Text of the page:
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Farmers stuck with report-Roy Smith
The crop report that was released Thursday was a real shocker. Stocks and planted acres of the three major grains all were bearish when the results were known. In these reports, the final numbers are not as important as how those numbers compare to what the trade thought they would be. Response to the surprising report was that corn and Chicago wheat futures contracts were limit down at the close. The one saving grace is that July corn futures had no trading limit today, so we did not have to guess what the theoretical price would have been. When the dust settled the contract was 69 cents lower.
Already, I have read comments that the numbers are wrong, that USDA is not taking into account all of the cropping problems that already have affected production potential. USDA even admitted it would be resampling four of the states hardest hit by bad planting weather. It is easy to rationalize that production will not be as great as the numbers on the report indicate. Regardless of how accurate yesterday’s numbers appear to those of us in the country, we are stuck with the report and its affect on prices until the next report.
In 43 years of farming, I have survived many government reports. Farmers and grain traders usually anticipate that the report will report bullish news. Many times just the opposite happens. It is almost impossible to gauge inventories or production potential from the perspective of our individual farming operations. I only have to think back to 2008 when I traveled through Eastern Iowa the last week of June and saw the flooding devastation. I was so bullish it was scary. A few days later a government crop report was released telling that the damage was not as bad as I had judged. Grain prices dropped for months following that report.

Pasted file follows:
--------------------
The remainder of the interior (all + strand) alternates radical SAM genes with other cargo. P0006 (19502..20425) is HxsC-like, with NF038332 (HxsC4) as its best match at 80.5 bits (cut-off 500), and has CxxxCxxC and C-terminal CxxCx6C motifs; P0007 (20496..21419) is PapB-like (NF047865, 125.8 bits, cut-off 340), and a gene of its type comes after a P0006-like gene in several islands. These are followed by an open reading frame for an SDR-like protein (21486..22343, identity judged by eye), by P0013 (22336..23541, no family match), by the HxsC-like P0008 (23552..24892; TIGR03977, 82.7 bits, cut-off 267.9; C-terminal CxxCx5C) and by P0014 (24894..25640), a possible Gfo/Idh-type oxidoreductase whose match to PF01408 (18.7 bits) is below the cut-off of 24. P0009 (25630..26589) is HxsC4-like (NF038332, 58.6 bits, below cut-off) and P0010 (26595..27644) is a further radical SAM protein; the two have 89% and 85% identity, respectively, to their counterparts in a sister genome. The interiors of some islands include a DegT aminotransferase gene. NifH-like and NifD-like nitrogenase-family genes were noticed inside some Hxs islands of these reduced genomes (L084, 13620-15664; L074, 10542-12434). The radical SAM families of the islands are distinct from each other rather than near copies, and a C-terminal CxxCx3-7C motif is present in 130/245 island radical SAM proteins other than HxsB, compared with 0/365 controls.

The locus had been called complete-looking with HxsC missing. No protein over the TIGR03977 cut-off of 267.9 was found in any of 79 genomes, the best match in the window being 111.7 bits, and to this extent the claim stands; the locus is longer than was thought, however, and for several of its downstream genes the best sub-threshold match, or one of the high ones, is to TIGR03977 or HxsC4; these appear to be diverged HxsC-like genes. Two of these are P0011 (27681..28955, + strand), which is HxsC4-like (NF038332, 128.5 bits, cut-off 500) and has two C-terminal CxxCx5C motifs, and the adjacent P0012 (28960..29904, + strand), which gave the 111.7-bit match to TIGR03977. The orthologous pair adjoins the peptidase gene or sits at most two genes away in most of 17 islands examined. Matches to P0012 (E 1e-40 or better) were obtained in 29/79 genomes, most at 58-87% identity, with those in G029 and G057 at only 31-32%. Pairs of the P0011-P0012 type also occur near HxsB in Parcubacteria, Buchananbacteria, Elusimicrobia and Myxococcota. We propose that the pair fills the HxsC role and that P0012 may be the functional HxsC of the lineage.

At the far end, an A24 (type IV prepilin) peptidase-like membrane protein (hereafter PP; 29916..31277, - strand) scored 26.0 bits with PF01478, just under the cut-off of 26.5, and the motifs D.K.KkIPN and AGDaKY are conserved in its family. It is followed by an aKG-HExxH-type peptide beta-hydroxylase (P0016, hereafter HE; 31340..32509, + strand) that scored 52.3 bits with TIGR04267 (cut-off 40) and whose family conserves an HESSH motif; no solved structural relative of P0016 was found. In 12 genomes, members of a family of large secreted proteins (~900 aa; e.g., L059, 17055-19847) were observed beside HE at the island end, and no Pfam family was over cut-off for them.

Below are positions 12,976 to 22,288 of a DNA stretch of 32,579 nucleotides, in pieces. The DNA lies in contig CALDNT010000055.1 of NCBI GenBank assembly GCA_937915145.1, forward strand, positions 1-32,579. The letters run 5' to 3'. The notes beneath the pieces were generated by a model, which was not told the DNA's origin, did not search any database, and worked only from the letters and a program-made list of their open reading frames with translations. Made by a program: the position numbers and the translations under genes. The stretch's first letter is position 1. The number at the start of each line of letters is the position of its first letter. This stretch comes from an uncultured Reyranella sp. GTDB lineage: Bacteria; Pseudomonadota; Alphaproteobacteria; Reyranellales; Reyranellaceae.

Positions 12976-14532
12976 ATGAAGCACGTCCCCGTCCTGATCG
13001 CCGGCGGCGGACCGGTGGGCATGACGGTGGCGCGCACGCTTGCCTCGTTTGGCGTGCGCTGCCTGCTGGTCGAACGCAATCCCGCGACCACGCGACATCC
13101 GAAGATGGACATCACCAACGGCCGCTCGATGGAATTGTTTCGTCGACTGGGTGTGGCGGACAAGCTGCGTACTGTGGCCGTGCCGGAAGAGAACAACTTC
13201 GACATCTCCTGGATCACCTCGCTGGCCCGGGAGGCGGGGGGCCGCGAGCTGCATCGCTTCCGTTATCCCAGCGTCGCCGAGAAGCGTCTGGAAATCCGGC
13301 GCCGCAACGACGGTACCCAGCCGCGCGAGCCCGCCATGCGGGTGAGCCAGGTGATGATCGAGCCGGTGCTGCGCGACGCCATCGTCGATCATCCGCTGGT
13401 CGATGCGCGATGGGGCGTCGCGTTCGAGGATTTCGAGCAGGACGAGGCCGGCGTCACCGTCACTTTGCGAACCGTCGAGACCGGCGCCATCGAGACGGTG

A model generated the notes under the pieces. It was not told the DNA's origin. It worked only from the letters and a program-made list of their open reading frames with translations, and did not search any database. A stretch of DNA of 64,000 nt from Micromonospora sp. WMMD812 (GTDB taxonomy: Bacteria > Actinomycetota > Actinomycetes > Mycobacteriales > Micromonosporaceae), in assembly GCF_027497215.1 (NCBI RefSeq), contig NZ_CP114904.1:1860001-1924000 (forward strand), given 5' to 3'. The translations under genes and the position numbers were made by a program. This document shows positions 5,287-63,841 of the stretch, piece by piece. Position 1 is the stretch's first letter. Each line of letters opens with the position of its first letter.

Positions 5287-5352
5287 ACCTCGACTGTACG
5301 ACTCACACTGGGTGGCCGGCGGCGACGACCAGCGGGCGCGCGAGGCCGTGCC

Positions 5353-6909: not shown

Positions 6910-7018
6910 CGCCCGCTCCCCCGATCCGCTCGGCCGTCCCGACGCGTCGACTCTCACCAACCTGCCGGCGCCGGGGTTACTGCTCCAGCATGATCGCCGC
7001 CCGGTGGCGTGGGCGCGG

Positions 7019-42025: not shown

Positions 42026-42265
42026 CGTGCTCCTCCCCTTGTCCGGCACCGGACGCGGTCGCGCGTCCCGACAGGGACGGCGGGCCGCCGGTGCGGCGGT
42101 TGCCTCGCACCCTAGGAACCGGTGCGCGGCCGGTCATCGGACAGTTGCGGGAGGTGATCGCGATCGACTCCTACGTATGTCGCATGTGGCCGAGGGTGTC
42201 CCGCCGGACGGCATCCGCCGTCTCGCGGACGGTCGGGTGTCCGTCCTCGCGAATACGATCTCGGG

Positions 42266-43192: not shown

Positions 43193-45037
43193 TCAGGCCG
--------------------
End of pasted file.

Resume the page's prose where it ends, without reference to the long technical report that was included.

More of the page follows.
The long term seasonal charts do not offer a lot of consolation to those with hopes of higher prices. The Fourth of July weekend is a turning point in a lot of years. This year that may mean we have seen the last of a long uptrend in corn prices. There is always the possibility of some cropping problem turning up later in the summer that will bring a short covering rally. There is typically a 37 or 50 percent retracement after a sharp sell off such as we are now experiencing. In the soybean market, there is hope of a rally induced by fears of an early, killing frost. Also in the soybean market there is the hope that the 'dead cat bounce', following harvest, will be as good as last year.
Yesterday morning, I scouted the soybeans I planted on the Missouri River bottom. Two small fields of 19 and 13 acres respectively are all that I farm on the flood plain. The 13 acre field has been a total loss for a week. The other field is somewhat higher in elevation. I thought it was high enough I would never experience high water on that piece. However, the river was up six inches over night Wednesday. Turn rows along the creek are under water now. On my way to scout fields. I saw a duck walking down the road headed for high ground. What does that mean for me? Maybe the duck knows something we farmers do not. At least he was headed the right direction!